European Architectural History Network: Modernism after Wagner
Richard Wagner is one of the most controversial figures in art: a genius for some, a charlatan for others, for others a dangerous sorcerer infantilizing his audience in a proto-fascist manner. The latter view, propounded by Theodor Adorno, has certainly convinced art historians to neglect Wagner. In art theory, however, the concept of the Gesamtkunstwerk, or ‘total work of art’, is firmly associated with his name, and this is where Juliet Koss begins her attempt to revive Wagner, not as authoritarian anti-modernist, but as architect of a revolution in the way spectators approach art. Modernism after Wagner ‘addresses a series of conceptual appropriations concerning the Gesamtkunstwerk and spectatorship to demonstrate that aesthetic theories themselves have a history’ (p. xviii). Koss presents a lively history of the Gesamtkunstwerk, whose origins precede Wagner (chapter 1) and whose largely Wagnerian echoes enlivened Bauhaus theatre and a variety of immersive avant-garde practices of the twentieth century.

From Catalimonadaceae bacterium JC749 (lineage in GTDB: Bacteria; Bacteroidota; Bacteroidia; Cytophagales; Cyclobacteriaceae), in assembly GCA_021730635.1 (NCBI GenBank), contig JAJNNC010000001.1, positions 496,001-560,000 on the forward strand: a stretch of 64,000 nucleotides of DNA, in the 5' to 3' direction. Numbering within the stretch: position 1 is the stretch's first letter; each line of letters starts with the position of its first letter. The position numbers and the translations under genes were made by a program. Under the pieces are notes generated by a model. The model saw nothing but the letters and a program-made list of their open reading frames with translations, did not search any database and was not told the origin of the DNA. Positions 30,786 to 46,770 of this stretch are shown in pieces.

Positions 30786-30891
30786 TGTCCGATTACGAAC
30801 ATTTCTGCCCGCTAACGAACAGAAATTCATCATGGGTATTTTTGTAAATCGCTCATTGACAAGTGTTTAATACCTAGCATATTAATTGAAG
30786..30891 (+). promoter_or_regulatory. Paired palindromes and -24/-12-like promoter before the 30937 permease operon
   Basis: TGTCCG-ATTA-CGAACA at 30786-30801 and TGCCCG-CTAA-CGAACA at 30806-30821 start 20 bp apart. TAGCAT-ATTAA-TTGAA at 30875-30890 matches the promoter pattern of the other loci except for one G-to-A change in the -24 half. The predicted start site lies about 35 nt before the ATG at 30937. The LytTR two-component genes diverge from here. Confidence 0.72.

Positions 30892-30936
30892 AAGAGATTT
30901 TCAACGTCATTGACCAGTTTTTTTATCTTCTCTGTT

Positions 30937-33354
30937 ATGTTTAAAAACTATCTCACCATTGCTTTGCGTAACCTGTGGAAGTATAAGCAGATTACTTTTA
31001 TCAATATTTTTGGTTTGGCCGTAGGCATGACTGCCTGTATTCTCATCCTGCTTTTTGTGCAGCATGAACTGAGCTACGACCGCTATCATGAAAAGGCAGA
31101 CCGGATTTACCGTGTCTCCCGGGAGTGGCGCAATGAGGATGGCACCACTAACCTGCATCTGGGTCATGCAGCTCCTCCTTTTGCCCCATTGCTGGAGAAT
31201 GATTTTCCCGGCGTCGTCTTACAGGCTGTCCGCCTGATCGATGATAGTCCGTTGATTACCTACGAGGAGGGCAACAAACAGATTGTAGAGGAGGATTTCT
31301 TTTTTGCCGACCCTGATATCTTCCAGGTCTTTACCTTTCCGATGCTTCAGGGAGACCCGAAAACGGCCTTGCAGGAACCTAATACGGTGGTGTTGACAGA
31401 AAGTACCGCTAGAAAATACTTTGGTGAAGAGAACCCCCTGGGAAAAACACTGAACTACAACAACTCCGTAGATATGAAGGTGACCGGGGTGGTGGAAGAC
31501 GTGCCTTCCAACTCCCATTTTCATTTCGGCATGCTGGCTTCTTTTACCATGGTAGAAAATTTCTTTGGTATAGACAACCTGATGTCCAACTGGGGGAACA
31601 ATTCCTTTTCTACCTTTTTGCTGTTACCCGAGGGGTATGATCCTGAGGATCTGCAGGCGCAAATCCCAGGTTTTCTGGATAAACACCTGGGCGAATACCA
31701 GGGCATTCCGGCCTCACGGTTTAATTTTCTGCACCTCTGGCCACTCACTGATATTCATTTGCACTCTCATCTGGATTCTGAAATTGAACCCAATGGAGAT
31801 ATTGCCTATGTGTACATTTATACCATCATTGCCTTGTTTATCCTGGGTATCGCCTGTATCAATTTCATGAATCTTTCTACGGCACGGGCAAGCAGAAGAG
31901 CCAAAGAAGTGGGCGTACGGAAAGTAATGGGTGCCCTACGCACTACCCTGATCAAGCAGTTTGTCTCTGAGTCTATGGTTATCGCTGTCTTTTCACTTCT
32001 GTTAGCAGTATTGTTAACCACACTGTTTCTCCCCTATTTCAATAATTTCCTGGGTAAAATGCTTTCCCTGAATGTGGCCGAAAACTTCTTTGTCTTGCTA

Throughout the historically precise but sometimes loosely connected case studies, two theoretical claims remain in focus. First, Koss contends that the Gesamtkunstwerk is not the muddled antipode to medium-specificity and thus to high modernist self-understanding, but, at least in Wagner’s ideal vision, a precise interrelation of poetry, music and dance, taking into account their specificities and potential for collaboration. ‘In joining the Gesamtkunstwerk, each art form grew stronger in the struggle to define itself against the others and became more independent in the process’ (p. 17). Second, Koss insists that the study of the Gesamtkunstwerk can tell us much about a central problem in contemporary art discourse, namely, the role of the audience. She vigorously opposes the superficial ascription of passive spectacle to Wagner. Wagner’s theoretical, musical and theatre-architectural efforts to establish a ‘mystic abyss’ between works of art and the public Koss reads as a complex interaction between immersive closeness and the distance required by Adorno and other modernist theorists.